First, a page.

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Proposal To Join Regional Cap-And-Trade Program Draws 13,000 Comments

Amy Sisk
StateImpact Pennsylvania
The Bruce Mansfield Power Plant burns coal to generate electricity in Beaver County.

Thousands of people weighed in on Pennsylvania’s proposal to join a regional effort to curb carbon dioxide emissions.

The Department of Environmental Protection now must read the more than 13,000 comments on its draft rule to join the Regional Greenhouse Gas Initiative (RGGI) and use them to inform its final regulation.

Other regulations proposed last year didn’t get nearly the same response. A proposed rule for emissions from the oil and gas industry attracted about 4,600 comments.

Under the program, power plants will have to pay for each ton of carbon they emit. The money can be invested in things like clean energy and energy efficiency.

Environmental groups claim there’s overwhelming support for the rule, which they say will be a big step in addressing climate change.

PennEnvironment said it rallied 3,000 activists and volunteers and worked with 30 state lawmakers to show support.

“The public comment period just makes it clear that Pennsylvanians are really clamoring for concrete action to reduce climate pollution,” said Flora Cardoni, PennEnvironment Research & Policy Center’s field director.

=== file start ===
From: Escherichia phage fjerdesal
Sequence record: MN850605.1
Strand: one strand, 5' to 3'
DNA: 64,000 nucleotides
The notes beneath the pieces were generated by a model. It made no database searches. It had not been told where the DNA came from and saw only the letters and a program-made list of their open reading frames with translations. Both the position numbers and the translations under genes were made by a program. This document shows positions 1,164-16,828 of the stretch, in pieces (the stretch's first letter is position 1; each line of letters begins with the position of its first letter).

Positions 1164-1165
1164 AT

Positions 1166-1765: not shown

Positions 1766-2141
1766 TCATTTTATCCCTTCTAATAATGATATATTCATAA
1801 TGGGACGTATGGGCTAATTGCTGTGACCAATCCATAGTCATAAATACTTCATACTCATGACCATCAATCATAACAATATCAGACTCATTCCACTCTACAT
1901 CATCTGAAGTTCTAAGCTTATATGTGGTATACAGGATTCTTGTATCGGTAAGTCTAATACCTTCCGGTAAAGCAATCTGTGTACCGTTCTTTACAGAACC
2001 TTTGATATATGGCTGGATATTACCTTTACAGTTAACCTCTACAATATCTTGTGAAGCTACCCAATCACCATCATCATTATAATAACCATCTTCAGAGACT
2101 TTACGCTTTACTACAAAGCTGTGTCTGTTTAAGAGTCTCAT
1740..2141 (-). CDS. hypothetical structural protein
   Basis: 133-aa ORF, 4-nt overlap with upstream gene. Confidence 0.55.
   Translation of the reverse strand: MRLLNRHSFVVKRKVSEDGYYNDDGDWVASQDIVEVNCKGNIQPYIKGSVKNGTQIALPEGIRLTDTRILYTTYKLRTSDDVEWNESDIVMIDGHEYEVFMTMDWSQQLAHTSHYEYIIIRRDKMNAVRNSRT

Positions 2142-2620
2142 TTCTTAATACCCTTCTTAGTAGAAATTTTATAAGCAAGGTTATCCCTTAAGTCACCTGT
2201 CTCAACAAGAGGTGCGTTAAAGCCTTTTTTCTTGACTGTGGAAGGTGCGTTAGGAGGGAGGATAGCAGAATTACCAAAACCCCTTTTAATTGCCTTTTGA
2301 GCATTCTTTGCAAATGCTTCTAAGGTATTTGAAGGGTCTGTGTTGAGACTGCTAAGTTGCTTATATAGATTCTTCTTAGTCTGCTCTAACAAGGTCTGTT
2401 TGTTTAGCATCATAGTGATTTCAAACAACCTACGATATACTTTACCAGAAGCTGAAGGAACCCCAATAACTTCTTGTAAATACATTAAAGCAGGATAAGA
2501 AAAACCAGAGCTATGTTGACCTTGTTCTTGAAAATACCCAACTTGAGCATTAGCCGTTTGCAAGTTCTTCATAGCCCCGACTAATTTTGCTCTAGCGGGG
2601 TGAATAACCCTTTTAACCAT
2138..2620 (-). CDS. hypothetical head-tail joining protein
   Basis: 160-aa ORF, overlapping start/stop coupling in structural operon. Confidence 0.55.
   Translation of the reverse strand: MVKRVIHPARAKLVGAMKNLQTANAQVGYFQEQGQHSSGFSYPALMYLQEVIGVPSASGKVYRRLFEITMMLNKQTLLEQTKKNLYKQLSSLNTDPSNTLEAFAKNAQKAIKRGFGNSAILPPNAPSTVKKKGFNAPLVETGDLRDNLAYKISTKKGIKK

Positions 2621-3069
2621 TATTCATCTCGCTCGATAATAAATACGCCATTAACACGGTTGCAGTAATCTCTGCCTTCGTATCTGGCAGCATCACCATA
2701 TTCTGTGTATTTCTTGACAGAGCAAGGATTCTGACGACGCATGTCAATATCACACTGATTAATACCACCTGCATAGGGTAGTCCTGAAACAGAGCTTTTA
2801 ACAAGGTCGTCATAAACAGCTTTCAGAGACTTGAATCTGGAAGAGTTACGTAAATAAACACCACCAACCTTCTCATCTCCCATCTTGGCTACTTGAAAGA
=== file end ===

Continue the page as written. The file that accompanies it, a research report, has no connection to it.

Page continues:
Opponents to RGGI say it won’t effectively reduce pollution and will kill jobs in coal-related industries.

Rachel Gleason, with the opposition coalition Power PA Jobs Alliance, said the all-online format for public comment shut out people who don’t have reliable internet service, which includes people whose local economies depend on coal fired power plants.

“Greene County barely even has broadband access,” Gleason said. “The virtual public hearings were a great disservice to the communities that will be impacted that are largely more rural Pennsylvania.”

DEP says all comments, whether written or verbal, are given the same weight.

While the formal public comment period is now over, DEP committees that evaluate regulations accept public comments during regular meetings. Legislative committees may also hold hearings on the RGGI process.

The agency plans to present a revised rule to advisory committees this spring and have a final rule by the end of the year. The Wolf Administration hopes to join RGGI in 2022.

This story is produced in partnership with StateImpact Pennsylvania, a collaboration among WESA, The Allegheny Front, WITF and WHYY.


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